Bryan Caplan  

Crime and Sheepskins

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Criminals are poorly educated.  About 68% of state inmates dropped out of high school.  Many researchers study whether this effect is causal.  As usual, though, I'm more interested in whether the causal effect stems from signaling.  

Education could reduce crime by enhancing students' job skills.  But it could just as easily reduce crime by certifying students' job skills.  If you only want to stop your kid from pursuing a life of crime, the mechanism is a red herring.  If you want to stop kids in general from pursuing lives of crime, however, the mechanism is all-important.  In the signaling model, to paraphrase a great meme, "When everyone has a diploma, no one does." 

Empirically distinguishing human capital from signaling is notoriously tricky, but sheepskin effects -  discrete benefits from crossing academic finish lines - are a strong symptom of signaling.  Sheepskin effects for income are enormous.  Are there comparable sheepskin effects for crime?  The literature is sadly thin.  But these figures from Lochner and Moretti's influential  2004 AER piece reveal big sheepskin effects of high school graduation on incarceration, with graduation year providing roughly 2/3 of the benefit. 
crime2.jpg

Anyone know of other sources on sheepskin effects and crime?  Google Scholar, for all its wonders, hasn't been too helpful so far.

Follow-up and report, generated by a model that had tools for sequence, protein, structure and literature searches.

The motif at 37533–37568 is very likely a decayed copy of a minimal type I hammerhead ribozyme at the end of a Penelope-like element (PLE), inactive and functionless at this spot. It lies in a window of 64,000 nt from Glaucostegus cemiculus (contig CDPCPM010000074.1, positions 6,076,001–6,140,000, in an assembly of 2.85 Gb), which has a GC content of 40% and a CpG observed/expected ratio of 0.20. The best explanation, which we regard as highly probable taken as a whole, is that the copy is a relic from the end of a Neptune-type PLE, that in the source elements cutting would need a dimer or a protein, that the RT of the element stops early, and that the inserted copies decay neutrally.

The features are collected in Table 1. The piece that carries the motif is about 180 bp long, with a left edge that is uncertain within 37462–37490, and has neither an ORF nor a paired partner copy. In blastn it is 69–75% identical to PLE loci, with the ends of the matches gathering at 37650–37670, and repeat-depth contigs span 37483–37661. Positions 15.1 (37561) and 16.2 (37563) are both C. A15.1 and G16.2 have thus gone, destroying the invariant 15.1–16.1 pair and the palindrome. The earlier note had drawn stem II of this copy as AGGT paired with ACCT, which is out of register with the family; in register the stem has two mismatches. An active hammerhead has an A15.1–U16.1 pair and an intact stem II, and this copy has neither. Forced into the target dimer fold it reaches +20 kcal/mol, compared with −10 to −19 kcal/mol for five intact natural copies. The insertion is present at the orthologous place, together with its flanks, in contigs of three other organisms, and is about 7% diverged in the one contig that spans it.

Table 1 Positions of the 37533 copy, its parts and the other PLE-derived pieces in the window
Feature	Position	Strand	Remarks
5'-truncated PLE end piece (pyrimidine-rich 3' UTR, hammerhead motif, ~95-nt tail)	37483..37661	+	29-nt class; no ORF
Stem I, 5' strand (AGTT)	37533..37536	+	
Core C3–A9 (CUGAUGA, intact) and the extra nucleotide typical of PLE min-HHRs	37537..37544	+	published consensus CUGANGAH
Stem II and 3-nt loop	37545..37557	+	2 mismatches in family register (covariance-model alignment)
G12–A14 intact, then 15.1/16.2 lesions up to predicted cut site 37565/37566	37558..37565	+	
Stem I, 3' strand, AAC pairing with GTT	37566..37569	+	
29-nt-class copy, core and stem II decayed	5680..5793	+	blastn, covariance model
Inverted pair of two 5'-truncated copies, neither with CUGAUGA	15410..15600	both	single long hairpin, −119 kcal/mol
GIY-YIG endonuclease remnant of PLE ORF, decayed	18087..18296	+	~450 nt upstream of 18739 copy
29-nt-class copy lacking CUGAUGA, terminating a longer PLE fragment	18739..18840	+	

COMMENTS (9 to date)
Sam writes:

I suspect they should have done their regression in log-probability space so that "regression adjusted probabilities" don't end up negative (!) for college-educated blacks. I wonder if the uptick for blacks with post-graduate degrees is statistically significant? Or are the bulk of people with 18 years of schooling college-educated after having been held back in school twice? (In which case one could imagine that the incarcerations occur before high school graduation.) For that matter, it seems like any of these studies should be careful to restrict to studying incarceration events that take place after X years of schooling, rather than incarceration events occurring for people who eventually get X years of schooling. Or perhaps the difference between these two is what is really interesting.

Peter Gerdes writes:

I don't see sheepskin effects as very good evidence of the relative components of education that are provided by signalling and value.

I mean any reasonable approach has to recognize both that there is some signaling value to graduation. Moreover, part of the signal is evidence of responsibility and ability to wait for greater rewards.

Now the closer to a degree one drops out the stronger the signal it sends that the individual lacks the ability to refrain from immediate gratification even in the face of large rewards. Thus, we can't evaluate the relative value of the degree signal compared to the value of education because there is a (potentially unboundedly large) negative signal generated by dropping out (assuming there is some non-zero signal value of a degree) closer to the degree.